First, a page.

FOR IMMEDIATE RELEASE
April 3, 2018
NAVAJO, New Mexico – On Apr. 3, U.S. Congressional Rep. Steve Pearce (R-NM) was welcomed by the Navajo Housing Authority (NHA) and participated in a tour of Native American Housing Assistance and Self Determination Act (NAHASDA) funded projects located in New Mexico. Congressman Pearce has been a major champion for Indian Housing and has been the lead sponsor for the reauthorization of the Native American Housing Assistance and Self-Determination Act (NAHASDA). Also accompanying Pearce was New Mexico State Rep. Sharon Clahchischilliage.
The first stop on the tour was Little Folks Day Care Center (LFDC) located in Navajo, New Mexico, where LFDC Executive Director Marsha Smith provided the Congressman a tour of the facility. The tour gave the Congressman a first hand view into the operations of LFDC. Following the tour, the Congressman held a Coffee Meet-and-Greet with staff where he spoke on the importance of making NAHASDA flexible to help provide services in communities such as the daycare services provided at LFDC.
“We are very thankful to Congressman Pearce for his efforts in advocating for NAHASDA funding so that facilities like Little Folks Day Care can be built throughout Indian Country,” said NHA Interim Chief Executive Officer Roberta Roberts during the meet-and-greet.
The $4.6 million facility was completed in March 2016 and was funded through NAHASDA with leveraged funds provided by the Navajo Nation Abandoned Mine Lands Program.
The tour then proceeded to the home of Mary Azye located 1-mile east of Fort Defiance, Arizona. Azye is a recent recipient of a home provided through the Southwest Indian Foundation (SWIF). SWIF has been dedicated to help provide homes on the Navajo Nation through a unique partnership between SWIF, NHA, the Department of Defense, and the US Air Force Academy.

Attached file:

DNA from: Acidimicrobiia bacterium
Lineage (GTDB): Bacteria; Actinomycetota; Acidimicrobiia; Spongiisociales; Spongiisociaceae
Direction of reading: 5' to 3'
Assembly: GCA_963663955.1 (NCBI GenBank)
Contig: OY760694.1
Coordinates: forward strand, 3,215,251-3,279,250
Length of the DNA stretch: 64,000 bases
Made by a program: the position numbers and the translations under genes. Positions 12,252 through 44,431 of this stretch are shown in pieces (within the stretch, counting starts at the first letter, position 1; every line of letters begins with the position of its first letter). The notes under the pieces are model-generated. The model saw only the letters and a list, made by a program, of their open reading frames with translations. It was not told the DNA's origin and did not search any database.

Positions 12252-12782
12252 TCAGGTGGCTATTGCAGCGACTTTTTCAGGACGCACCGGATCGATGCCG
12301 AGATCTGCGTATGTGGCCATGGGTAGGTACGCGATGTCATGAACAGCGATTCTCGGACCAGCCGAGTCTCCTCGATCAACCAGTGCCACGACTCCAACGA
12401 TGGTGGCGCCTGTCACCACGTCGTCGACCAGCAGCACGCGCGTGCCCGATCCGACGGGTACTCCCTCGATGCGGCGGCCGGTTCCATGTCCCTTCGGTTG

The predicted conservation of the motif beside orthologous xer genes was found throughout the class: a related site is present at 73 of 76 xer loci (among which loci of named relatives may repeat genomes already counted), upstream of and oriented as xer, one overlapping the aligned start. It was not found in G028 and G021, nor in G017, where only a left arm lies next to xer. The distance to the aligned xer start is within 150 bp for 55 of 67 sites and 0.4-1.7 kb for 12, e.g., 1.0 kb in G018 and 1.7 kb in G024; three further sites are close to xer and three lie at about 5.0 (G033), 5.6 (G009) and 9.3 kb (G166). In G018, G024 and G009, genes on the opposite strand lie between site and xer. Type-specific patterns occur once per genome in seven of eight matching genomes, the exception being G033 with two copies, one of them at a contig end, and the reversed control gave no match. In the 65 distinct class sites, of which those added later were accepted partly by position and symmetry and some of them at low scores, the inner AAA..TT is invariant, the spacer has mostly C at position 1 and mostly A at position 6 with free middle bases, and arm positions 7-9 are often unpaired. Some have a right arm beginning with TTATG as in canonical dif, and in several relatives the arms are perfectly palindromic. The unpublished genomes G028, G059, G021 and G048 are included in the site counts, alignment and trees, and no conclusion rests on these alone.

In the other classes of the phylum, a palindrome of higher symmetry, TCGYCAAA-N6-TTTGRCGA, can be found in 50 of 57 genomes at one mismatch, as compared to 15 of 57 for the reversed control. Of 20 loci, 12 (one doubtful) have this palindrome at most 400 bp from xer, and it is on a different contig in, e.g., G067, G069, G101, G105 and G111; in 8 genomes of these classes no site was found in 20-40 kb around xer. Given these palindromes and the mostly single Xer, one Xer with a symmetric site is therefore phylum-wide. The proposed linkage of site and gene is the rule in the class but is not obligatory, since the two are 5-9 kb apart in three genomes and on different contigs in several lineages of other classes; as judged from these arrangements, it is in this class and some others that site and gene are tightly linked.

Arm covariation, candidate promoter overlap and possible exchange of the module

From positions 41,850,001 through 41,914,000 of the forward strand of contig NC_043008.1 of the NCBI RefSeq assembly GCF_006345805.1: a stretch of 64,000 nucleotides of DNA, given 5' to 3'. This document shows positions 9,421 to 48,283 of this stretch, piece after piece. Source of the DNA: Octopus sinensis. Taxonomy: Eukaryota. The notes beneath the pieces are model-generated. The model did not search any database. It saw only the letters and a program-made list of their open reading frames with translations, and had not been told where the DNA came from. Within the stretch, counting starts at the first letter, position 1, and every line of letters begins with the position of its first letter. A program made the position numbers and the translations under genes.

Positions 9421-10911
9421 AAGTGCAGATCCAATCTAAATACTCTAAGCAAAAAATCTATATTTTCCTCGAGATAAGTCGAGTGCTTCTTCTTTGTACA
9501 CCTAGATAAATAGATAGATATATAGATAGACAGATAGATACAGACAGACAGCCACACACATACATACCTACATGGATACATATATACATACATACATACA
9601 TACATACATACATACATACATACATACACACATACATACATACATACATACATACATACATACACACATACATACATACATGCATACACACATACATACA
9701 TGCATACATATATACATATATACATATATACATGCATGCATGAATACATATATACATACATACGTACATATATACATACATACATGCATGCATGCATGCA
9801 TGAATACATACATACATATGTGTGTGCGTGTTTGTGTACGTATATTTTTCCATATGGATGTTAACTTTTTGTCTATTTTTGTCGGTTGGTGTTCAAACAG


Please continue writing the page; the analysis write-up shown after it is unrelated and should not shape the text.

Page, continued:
Through this partnership SWIF builds and donates 10-15 homes to low-income families on the Navajo Nation each year. SWIF provides funding for labor and capital expenditures such as heavy equipment, the Department of Defense Reserves IRT Program provides labor support, the US Air Force Academy provides labor and design, and the NHA provides NAHASDA funds for building materials and infrastructure.
“It’s been a very fruitful partnership,” said SWIF Deputy Executive Director Jeremy Boucher. “We’ve built almost 250 homes in 16 years with this partnership.”
The Congressman was given an opportunity to tour the home of Mary Azye and then addressed the NHA and SWIF staff on the reauthorization of NAHASDA. The Congressman also took the opportunity to thank the NHA and SWIF staff for their hard work to effectively expend NAHASDA funds and encouraged staff to continue to work hard in providing housing for the Navajo people.
NHA Board Chairman Kris Beecher was grateful for the time spent with the Congressman and spoke on behalf of the NHA Board of Commissioners. “Thank you for your hard work Congressman,” Beecher said. “Native American housing is an issue that doesn’t fall on either party line and I’d like to thank you for advocating for the Navajo people and tribes across Indian country.”
“From the local Chapter governments to the Federal Government, we are a team and all play a role working on housing projects that benefit the Navajo people,” Beecher added. “Together we can grow our communities in a responsible way, and with the help of strong advocates at the federal and state level we will continue to build homes like these and others to meet the housing needs of the Navajo Nation.”
Lastly, speaking on behalf of the Azye family was Mona Waquiu daughter to Mary Ayze. “We are very thankful and blessed that you all could get my mom to where she (Mary Ayze) is today,” said Waquiu. “We shared a lot of tears when it was her (Mary Ayze) time to move in last week.”
“Congressman Pearce thank you for coming here, keep pushing for us and the rest of the Native Americans,” Waquiu added. “You don’t see that very often as far as other people fighting and get funding for us and its not just only Navajo Nation but other Native American tribes in New Mexico that do need housing.”
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